23a   Their losses may get roundabout compensation (6)

Roundabout[10] is a British name for a merry-go-round.

What you lose on the swings you gain on the roundabouts[Cambridge Advanced Learners Dictionary & Thesaurus] (or, more simply, it's swings and roundabouts) is a British saying meaning that the positive and negative results of a situation or action balance each other ⇒ The route through town would be shorter, but there'll be more traffic." "Well, it's just swings and roundabouts.

26a   He gets put out, /becomes/ angry (3,2)

27a   Script one created /for/ TV's Morse? (9)

Inspector Endeavour Morse[7] is a fictional character in the eponymous series of detective novels by British author Colin Dexter, as well as the 33-episode 1987–2000 television drama Inspector Morse[7], with the character played by John Thaw. Morse is a senior CID (Criminal Investigation Department) officer with the Thames Valley Police force in Oxford, England.

28a   Seconds // subside? (7,4)

The seconds[5] are the reserve team of a sports club.

In North America, the term side[3] is used in a very general fashion that can denote one of two or more opposing individuals, groups, teams, or sets of opinions. While this same general usage would seem to exist as well in the UK, the term side[5] is also used there in a much more specific sense to mean a sports team ⇒ (i) Previous England rugby sides, and England teams in many other sports, would have crumbled under the weight of such errors.; (ii) They'll face better sides than this Monaco team, but you can only beat what's put in front of you..

A reserve[5] is an extra player in a team, serving as a possible substitute ⇒ he was reserve hooker [position on a rugby team] for the World Cup team. The reserves[5] are the the second-choice team ⇒ playing in the first team has been a big step up after the reserves.

Split "subside" (3,4) to get RESERVE (sub) + TEAM (side).

Down

1d   Student // involved in chorals (7)

2d   Flower // some pull up inappropriately (5)

3d   Cares a lot about // powered flight (9)

4d   Past prime minister /is the product of/ sanctimonious island race (4)

Pi[5] is an informal British short form for pious.

"island race" = TT (show explanation)

The Tourist Trophy[5] (abbreviation TT[5]) is a motorcycle-racing competition held annually on roads in the Isle of Man since 1907.

hide explanation

William Pitt[5] (1759–1806), known as Pitt the Younger, was Prime Minister of Britain 1783–1801 and 1804-6, The youngest-ever Prime Minister, he introduced reforms to reduce the national debt. He was the son of William Pitt[5], 1st Earl of Chatham (1708–1778) who was known as Pitt the Elder. As Secretary of State (effectively Prime Minister), the elder Pitt headed coalition governments 1756–61 and 1766-8. He brought the Seven Years War to an end in 1763 and also masterminded the conquest of French possessions overseas, particularly in Canada and India.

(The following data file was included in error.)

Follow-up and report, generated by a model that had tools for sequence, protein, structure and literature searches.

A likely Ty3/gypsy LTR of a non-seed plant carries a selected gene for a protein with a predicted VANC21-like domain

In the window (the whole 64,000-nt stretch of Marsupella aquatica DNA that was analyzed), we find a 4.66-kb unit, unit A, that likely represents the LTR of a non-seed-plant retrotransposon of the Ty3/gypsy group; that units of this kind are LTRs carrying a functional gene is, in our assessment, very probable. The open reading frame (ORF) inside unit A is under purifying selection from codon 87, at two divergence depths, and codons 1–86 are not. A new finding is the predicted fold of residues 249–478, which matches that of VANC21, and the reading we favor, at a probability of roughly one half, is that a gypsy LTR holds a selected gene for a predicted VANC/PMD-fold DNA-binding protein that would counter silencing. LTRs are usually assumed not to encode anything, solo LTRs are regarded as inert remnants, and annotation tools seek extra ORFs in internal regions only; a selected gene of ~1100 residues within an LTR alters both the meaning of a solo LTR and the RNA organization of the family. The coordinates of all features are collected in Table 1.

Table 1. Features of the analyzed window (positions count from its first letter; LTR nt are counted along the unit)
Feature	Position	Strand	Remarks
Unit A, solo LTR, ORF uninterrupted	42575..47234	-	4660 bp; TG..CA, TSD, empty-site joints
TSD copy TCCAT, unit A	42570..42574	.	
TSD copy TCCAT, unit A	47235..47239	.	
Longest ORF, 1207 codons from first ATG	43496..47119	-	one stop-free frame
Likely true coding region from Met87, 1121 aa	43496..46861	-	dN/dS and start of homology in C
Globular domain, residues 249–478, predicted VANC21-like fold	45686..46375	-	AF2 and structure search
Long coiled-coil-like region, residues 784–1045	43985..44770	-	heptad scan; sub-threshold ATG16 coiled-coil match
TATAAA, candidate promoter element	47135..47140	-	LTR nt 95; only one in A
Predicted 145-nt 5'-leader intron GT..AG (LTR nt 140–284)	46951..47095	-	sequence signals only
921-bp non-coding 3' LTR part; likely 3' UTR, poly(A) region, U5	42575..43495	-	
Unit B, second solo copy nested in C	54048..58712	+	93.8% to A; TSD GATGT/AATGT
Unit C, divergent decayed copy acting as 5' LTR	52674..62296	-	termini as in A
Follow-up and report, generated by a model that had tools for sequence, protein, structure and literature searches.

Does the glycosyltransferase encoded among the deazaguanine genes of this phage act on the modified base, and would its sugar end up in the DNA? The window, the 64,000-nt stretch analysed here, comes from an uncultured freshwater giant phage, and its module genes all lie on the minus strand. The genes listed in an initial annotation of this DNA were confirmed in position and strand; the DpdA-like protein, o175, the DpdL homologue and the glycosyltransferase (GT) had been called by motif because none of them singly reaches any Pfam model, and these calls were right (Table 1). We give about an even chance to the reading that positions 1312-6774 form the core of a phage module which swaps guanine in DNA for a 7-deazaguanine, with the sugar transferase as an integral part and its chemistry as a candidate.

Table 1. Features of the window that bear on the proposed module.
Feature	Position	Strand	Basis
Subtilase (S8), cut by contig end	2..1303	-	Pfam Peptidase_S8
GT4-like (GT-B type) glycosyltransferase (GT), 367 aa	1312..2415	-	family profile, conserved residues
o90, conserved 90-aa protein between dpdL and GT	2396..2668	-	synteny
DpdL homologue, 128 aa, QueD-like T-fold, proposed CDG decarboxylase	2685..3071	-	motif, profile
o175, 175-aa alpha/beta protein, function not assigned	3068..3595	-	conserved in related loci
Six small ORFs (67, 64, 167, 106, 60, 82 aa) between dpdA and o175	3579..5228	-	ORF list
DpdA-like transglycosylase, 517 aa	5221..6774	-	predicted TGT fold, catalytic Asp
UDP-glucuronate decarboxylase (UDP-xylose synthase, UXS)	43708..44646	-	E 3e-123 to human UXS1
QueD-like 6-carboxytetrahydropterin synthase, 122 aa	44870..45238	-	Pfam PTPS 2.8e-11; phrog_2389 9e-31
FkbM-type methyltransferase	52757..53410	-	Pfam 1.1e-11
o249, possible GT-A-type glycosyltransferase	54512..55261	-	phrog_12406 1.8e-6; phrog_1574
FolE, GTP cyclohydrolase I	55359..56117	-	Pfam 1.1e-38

5d   The tales bandied about /by/ sportsmen (8)

6d   It may retain warmth // that will show at the end of three months (5)

7d   Mary holding child /featured in/ stonework (7)

8d   Full // make up? (8)

"Make up" meaning complete? Perhaps is the sense of ⇒ I need only one more piece to make up a full set.

14d   It takes a turn for the better (8)

I thought maybe roulette might be another name for a roulette wheel—but that would seem not to be the case. I suppose if one interprets "takes" as meaning "involves" then one could say that roulette involves "a turn for the better".

16d   Place to be for an alibi (9)

17d   Chases // jobs (8)

18d   One more // convert on earth (7)

20d   /This is/ no way to drink // patent medicine (7)

The wordplay is NO (from the clue) + ST (way; abbreviation for street) + (to) RUM (drink).

The word "to" is used as a charade indicator in the sense of "pressed against"—as in expressions such as "shoulder to the wheel" or "nose to the grindstone".

Despite appearing at the beginning of the clue, the words "this is" fulfill the role of a link phrase.

22d   One's saucy prank! (5)

After considerable searching, I concluded that capers aren't saucy—but a sauce may be capery. I can only deduce that the clue is a not a double definition but, rather, a cryptic definition built around an allusion to the fact that capers can be used in sauces.

Caper sauce[10] is sauce flavoured with capers   ⇒ wild duck in caper sauce .

24d   Chemical, // inert in another form (5)

Nitre[5] is another term for saltpetre[5] which, in turn, is another term for potassium nitrate[5], a white crystalline salt which occurs naturally in nitre and is used in preserving meat and as a constituent of gunpowder. [This series of definitions seems to have been composed by M. C. Escher—since, as in his drawings, if you follow a path far enough, you end up back where you started.] I suspect that what may be intended by this sequence of definitions is not that potassium nitrate is one component of nitre but that the naturally occurring form of potassium nitrate is called nitre.

Saltpetre (potassium nitrate) was once thought to induce impotence, and is still falsely rumored to be in institutional food (such as military fare) as an anaphrodisiac [a drug that reduces sexual desire]; however, there is no scientific evidence for such properties.[7]

25d   One employs // American with hesitation (4)
Key to Reference Sources: 

[1]   - The Chambers Dictionary, 11th Edition
[2]   - Search Chambers - (Chambers 21st Century Dictionary)
[3]   - TheFreeDictionary.com (American Heritage Dictionary)
[4]   - TheFreeDictionary.com (Collins English Dictionary)
[5]   - Oxford Dictionaries (Oxford Dictionary of English)
[6]   - Oxford Dictionaries (Oxford American Dictionary)
[7]   - Wikipedia
[8]   - Reverso Online Dictionary (Collins French-English Dictionary)
[9]   - Infoplease (Random House Unabridged Dictionary)
[10] - CollinsDictionary.com (Collins English Dictionary)
[11] - TheFreeDictionary.com (Random House Kernerman Webster's College Dictionary)
Signing off for today — Falcon

No comments:

Post a Comment